Teaching Phonics and Word Study and Phonics from A to Z - by Wiley Blevins

How To Teach Spelling - by Laura Rudgrinsky and Elizabeth Haskell

Six-Way Paragraphs (3 levels – introductory, middle and advanced) - by Walter Pauk

Bringing Words to Life: Robust Vocabulary Instruction - by Isabel Beck

All About Spelling Give your child a solid start to spelling! – Excellent resources for language instruction – Megawords, How to Teach Spelling, Writing Skills series, The Language ToolKit, Explode the Code (I strongly recommend using the parent guides in order to get the most out of the “. . .Code” series books!) – a unique and effective resource for improving fluency. Sensational Reading Strategies for Teaching Beginning Readers (K-2 and remedial)'s LIPS and Visualizing and Verbalizing Comprehension Program

Prayer Plus Planning Equals Progress!

YES - You can do this!

Thursday, January 28, 2010

A Mother's Grief

A Mother’s Grief

Gaze into the sparkling eyes of your gift from above,
Consider the hopes and dreams you have for them
Feel the fullness of love and devotion in your heart
Then imagine. . .

Imagine watching your child try so hard to fit in, but never finding acceptance in this world.

Imagine what it’s like to see other kids completely ignore them or make fun of them at every opportunity.

Imagine that your child hasn’t any friends that call or want to get together.

Imagine your child never being invited to parties or having anyone to invite to their own.

Imagine your child asking day after day to call “someone to play with”, with their efforts never reciprocated, their calls never returned.

Imagine your child being left sitting on a sidelines because the performance or game mattered more than the person.

Imagine their heart aching and your comfort too small.

Imagine the anguish that turns to dull numbness.

Imagine your eyes filled with tears that won’t dry.

Imagine a mother’s grief. Imagine.

I’m often burdened by the state of our society when I hear stories of children suffering cruelty at the hands of their peers, even to the point of taking their own lives. A young girl in our community took her life a couple years back after being the victim of vicious online insults and cruelty. The photos of her beautiful, smiling face still haunt me. What a tragedy that must tear at the very heart of God our Creator. Friends, this should not be.

Imagine a mother’s grief.

Today, I pose the questions. . .can you think of a Mom or child who needs to see God’s love in others? Who needs to see God’s love in you? Maybe it’s the child who annoys you, speaks a bit to crassly, watches t.v. shows you don’t approve of, gets too rowdy, acts kind of strange, etc. I’ll bet God is bringing someone to mind right now and it is my prayer that God will show you ways to minister to that family. May God use you to make a difference for someone. May He speak and act through you in ways that matter for eternity.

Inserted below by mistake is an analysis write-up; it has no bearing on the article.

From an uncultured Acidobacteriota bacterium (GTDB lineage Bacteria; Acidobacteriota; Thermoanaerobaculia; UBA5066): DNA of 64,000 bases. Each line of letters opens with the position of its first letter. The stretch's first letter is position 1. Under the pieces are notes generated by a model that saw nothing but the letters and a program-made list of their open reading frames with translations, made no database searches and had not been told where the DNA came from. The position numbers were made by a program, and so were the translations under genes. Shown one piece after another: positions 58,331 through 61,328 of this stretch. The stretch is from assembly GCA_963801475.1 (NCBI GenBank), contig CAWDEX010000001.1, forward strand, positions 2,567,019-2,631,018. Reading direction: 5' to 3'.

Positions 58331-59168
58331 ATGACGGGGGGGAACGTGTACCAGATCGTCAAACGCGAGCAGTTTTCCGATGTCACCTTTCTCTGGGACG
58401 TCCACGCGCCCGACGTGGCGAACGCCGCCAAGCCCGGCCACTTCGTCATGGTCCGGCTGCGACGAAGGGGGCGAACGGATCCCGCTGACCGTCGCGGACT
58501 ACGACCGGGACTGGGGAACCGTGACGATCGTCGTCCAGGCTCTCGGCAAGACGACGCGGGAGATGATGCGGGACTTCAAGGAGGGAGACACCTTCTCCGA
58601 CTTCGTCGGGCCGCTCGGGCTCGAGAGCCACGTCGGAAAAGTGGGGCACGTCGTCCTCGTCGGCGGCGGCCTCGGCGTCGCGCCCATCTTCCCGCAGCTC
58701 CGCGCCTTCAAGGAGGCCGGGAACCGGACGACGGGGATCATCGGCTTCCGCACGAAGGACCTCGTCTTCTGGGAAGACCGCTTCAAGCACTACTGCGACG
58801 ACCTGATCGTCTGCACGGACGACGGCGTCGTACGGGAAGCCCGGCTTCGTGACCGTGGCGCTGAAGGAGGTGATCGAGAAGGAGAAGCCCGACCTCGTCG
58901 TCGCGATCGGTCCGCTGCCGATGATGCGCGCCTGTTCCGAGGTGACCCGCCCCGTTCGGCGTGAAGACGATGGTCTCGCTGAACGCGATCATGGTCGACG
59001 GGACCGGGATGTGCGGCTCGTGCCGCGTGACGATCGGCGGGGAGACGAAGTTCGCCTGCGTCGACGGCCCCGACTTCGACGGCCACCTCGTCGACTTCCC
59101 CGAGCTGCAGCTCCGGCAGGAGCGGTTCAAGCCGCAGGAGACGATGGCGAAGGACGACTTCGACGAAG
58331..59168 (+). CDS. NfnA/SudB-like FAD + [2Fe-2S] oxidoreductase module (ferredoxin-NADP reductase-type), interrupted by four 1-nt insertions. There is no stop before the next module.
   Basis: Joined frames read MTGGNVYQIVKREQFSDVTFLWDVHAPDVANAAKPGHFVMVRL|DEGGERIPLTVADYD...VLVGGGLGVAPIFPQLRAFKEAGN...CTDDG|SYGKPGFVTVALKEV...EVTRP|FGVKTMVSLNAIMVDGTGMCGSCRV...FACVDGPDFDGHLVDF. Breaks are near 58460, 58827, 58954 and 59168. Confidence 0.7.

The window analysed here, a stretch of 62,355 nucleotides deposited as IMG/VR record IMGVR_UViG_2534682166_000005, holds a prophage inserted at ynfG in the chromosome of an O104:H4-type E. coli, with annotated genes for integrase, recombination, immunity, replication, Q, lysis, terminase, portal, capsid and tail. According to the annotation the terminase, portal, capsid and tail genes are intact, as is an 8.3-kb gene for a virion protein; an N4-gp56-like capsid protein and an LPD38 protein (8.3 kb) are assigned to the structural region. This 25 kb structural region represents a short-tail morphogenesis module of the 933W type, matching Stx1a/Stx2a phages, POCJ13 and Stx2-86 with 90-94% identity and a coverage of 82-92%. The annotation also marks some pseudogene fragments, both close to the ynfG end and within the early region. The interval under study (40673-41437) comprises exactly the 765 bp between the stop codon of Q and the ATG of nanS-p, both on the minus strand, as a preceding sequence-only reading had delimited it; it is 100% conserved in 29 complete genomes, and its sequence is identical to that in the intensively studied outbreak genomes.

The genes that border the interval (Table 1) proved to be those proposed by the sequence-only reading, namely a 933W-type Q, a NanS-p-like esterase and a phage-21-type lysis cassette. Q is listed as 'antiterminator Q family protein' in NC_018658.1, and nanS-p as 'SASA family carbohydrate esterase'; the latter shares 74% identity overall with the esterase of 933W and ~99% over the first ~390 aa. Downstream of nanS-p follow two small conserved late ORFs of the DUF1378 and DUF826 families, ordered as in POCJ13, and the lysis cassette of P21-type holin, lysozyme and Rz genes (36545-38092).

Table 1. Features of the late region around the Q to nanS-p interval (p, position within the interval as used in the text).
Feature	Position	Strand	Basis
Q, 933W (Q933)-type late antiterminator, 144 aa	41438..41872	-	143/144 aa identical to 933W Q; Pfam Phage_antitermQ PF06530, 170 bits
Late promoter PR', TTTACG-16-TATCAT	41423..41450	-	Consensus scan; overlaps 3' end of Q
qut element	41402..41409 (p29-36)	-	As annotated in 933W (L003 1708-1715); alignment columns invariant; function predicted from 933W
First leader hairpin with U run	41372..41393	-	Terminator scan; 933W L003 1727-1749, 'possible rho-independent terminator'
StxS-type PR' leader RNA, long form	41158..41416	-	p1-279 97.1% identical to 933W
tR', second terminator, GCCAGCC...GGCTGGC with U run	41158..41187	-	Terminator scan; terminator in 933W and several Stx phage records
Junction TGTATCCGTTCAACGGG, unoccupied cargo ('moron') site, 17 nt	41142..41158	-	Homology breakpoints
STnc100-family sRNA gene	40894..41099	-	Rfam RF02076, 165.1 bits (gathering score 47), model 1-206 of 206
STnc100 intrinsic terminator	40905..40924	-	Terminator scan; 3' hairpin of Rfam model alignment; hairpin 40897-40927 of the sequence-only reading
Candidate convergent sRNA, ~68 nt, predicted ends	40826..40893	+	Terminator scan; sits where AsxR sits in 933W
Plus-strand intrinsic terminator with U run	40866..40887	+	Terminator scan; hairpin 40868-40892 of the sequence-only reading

Remember. . . To the world you may be one person, but to one person you may be the world.

Wednesday, January 27, 2010

The Importance of Reading Aloud

This is a synopsis of information found on the DVD "Nurturing Competent Communicators" by Andrew Pudewa of the Institute for Excellence in Writing. It was sooo wonderful, I thought I'd share some of the highlights as it pertains to reading and language development.

The first and foremost key point was the extreme importance of reading aloud to your children, no matter their age!! Andrew talked about how children get to a certain age and parents slack off and stop reading to them. In opposition of this practice, he earnestly emphasized the importance of reading aloud to your children daily - even to the extent that if you're not doing it - drop a subject to make room!!

Andrew elaborated on why this is so important - sorting through the main sources of language acquisition and communication sources for our kids: peers, media, family, books (in that order). Then he walked through each of those means and what they contribute or don't contribute to correct and sophisticated language patterns.

He talked about how memorization (poetry in this case) neurologically grows the brain and also briefly touched on the issue of writing by noting that children "can't get out what's not in there". That's where the storage of rich language patterns plays an essential role.